During your quiet time, ask the Holy Spirit to reveal any past situations where you felt this need for the first time. As I examined my life, I often found these deeper feelings did not come from my spouse but rather from my bad childhood experiences. When I was able to forgive the offender for not meeting my needs, I was able to see my spouse in a more loving way. A great resource for this is Soul Care by Rob Reimer. In it, he takes the reader through several areas where the soul may have emotional baggage that, when resolved, can lead people to a free life in Christ. When I was able to rid myself of deeper wounds and issues that I could not change, I was able to walk in freedom. I also noticed my physical, mental, and emotional well-being were better off because of the work God had done in my life.
See the Partnership
Fifth, I was able to see my marriage as a partnership: two equal people working together to accomplish the work of the Kingdom. When I saw one of us as more than the other, it skewed my relationship and allowed one of us to act superior toward the other. This caused a sense of inferiority that I could not change. When I started seeing myself as inferior to others, it skewed my worldview, hindering my ability to see others with the same eyes that Jesus sees them. I had to change how I saw myself. I had to rid myself of pride and ambition and see myself as a sinner in need of God’s grace. When I was able to see myself for who I truly am—a person whose sin Christ’s blood covered on the cross, I was able to see people for who they were. How I viewed myself affected how I viewed others.
When we see ourselves with the truth of Scripture, we can hold tight to God’s promises and know that regardless of what happens, he sees us as his child, dearly loved. When I could see myself in that same vein, I was able to work within the confines of how God wired me. This gave me a feeling of deeper meaning and purpose. When we live every day as if we have a specific purpose, we can have the assurance that God will use us to accomplish his work. When I saw myself as a unique individual created by God to do the job only he has given me to do, it gave me a purpose much deeper than simply earning a paycheck or having a good marriage. This allowed my conflict with my spouse to reduce greatly. I knew my attitude had changed when I found my conflicts were fewer and farther between. I can’t say we don’t ever fight, but when we do, I try to see the situation from my spouse’s perspective. When I can look at this situation healthily, I take responsibility for my part, forgive when I’ve been wronged, and move forward to accomplish God’s work.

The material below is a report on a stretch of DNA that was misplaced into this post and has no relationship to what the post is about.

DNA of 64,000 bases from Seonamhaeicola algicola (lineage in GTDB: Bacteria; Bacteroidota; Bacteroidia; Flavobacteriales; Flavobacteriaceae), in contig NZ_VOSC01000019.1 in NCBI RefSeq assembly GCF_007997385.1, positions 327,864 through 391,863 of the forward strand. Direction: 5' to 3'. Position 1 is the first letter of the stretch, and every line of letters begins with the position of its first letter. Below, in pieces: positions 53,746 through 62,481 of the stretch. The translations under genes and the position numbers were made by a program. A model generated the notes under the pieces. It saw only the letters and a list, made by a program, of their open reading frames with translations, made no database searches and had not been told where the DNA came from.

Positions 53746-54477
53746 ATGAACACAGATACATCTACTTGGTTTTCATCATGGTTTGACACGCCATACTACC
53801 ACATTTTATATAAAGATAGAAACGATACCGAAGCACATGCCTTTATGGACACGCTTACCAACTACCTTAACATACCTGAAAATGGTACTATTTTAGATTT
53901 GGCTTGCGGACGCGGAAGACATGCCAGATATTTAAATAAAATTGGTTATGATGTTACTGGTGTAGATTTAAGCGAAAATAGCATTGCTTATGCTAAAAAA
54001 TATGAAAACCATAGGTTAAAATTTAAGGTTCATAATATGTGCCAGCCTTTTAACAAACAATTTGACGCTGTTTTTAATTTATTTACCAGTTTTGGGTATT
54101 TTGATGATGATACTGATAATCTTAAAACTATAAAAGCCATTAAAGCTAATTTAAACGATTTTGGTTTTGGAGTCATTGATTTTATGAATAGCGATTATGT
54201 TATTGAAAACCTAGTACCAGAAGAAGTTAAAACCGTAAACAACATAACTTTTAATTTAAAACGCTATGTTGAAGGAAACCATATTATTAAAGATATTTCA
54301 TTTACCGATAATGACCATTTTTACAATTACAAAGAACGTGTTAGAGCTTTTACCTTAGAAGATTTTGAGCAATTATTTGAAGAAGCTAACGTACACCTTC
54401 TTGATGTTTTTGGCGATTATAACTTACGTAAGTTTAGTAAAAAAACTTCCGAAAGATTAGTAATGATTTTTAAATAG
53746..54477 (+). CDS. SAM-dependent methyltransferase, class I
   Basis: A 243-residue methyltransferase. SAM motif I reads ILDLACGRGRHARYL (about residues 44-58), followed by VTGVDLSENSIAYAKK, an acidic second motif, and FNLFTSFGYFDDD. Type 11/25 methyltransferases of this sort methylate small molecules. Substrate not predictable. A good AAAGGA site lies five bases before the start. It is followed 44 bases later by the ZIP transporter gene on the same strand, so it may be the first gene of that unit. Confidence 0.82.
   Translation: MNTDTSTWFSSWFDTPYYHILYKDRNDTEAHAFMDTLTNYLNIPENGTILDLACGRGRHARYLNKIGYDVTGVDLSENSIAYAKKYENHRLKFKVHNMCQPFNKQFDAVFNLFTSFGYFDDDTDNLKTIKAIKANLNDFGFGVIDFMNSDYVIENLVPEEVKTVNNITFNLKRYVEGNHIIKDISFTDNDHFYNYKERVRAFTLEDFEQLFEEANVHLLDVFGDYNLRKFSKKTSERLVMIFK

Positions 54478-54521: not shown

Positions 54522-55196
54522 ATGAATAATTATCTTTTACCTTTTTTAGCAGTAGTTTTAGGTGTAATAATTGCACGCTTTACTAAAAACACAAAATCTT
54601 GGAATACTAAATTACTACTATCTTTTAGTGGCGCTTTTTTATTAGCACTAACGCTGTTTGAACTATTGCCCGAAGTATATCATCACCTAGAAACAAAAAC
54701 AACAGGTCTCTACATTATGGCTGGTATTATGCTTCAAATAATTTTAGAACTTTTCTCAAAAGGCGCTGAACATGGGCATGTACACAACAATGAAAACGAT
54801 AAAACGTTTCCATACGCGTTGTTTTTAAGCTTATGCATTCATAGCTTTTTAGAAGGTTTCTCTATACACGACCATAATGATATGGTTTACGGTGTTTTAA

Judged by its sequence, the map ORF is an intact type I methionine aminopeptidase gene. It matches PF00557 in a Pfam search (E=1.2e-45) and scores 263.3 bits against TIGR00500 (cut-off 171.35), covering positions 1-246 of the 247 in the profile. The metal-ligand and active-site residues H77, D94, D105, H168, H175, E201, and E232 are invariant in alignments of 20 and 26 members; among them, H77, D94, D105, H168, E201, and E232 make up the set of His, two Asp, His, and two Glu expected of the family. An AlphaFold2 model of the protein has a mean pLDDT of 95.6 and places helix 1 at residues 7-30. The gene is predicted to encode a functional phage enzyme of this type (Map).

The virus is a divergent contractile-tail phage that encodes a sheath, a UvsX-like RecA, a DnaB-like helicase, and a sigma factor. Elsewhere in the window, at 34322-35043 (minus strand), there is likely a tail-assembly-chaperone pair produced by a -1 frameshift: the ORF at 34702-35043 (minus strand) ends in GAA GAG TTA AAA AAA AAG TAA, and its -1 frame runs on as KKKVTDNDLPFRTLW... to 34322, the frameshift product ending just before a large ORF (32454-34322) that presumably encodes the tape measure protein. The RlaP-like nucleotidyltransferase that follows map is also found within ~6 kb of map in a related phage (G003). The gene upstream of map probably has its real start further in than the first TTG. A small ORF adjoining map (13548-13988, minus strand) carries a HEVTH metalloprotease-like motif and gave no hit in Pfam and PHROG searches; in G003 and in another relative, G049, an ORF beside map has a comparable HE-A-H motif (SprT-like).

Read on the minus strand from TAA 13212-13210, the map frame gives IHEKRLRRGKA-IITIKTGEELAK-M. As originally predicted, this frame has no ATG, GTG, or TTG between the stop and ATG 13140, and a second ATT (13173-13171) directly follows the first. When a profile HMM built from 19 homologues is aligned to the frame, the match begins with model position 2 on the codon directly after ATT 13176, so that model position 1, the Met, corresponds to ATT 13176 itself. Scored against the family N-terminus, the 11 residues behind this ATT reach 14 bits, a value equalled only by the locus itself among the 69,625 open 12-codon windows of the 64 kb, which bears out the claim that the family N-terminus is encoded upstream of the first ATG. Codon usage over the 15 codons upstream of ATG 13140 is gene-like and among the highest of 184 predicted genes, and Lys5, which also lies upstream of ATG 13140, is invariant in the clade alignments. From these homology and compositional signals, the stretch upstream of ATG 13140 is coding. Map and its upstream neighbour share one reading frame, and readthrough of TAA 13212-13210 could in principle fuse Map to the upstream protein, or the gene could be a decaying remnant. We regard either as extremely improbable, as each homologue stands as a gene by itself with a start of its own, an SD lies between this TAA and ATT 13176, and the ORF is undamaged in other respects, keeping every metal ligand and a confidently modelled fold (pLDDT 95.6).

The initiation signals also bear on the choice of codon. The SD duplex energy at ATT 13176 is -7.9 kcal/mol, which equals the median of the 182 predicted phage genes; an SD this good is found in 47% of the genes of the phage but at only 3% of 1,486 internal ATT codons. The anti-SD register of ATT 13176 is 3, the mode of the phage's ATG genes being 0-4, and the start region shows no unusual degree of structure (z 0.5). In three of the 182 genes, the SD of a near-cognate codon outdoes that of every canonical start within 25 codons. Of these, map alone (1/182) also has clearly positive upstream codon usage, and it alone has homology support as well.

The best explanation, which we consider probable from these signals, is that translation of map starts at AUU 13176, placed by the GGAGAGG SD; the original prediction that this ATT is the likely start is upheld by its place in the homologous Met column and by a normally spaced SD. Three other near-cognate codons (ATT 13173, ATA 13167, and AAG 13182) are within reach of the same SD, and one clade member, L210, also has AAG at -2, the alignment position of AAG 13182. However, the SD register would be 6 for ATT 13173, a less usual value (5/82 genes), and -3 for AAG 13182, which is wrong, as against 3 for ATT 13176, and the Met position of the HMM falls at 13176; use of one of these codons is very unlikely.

Love Like Christ
Sixth, I could love my spouse the way God loves him. Although I can’t say I love my spouse unconditionally, I love him in a deeper way than I did when we first got married. When we were dating, I often saw a relationship as what he could do for me. Now I see it as what I can do for him and how we can move forward together in accomplishing his work. Whether it’s ministering to our local church or discussing our hopes and dreams, I can love him with the same love that Christ has for his people. When I do this, I understand, in a new way, God’s love for his children. Conflict is inevitable, but we don’t have to be in conflict regularly. By observing the steps above, you can choose to see your spouse in a new way. When you choose to see your spouse in the way God sees them, you can see your spouse and your marriage in the same way God sees it.
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Michelle S. Lazurek is a multi-genre award-winning author, speaker, pastor’s wife, and mother. She is a literary agent for Wordwise Media Services and a certified writing coach. Her new children’s book Who God Wants Me to Be encourages girls to discover God’s plan for their careers. When not working, she enjoys sipping a Starbucks latte, collecting 80s memorabilia, and spending time with her family and her crazy dog. For more info, please visit her website www.michellelazurek.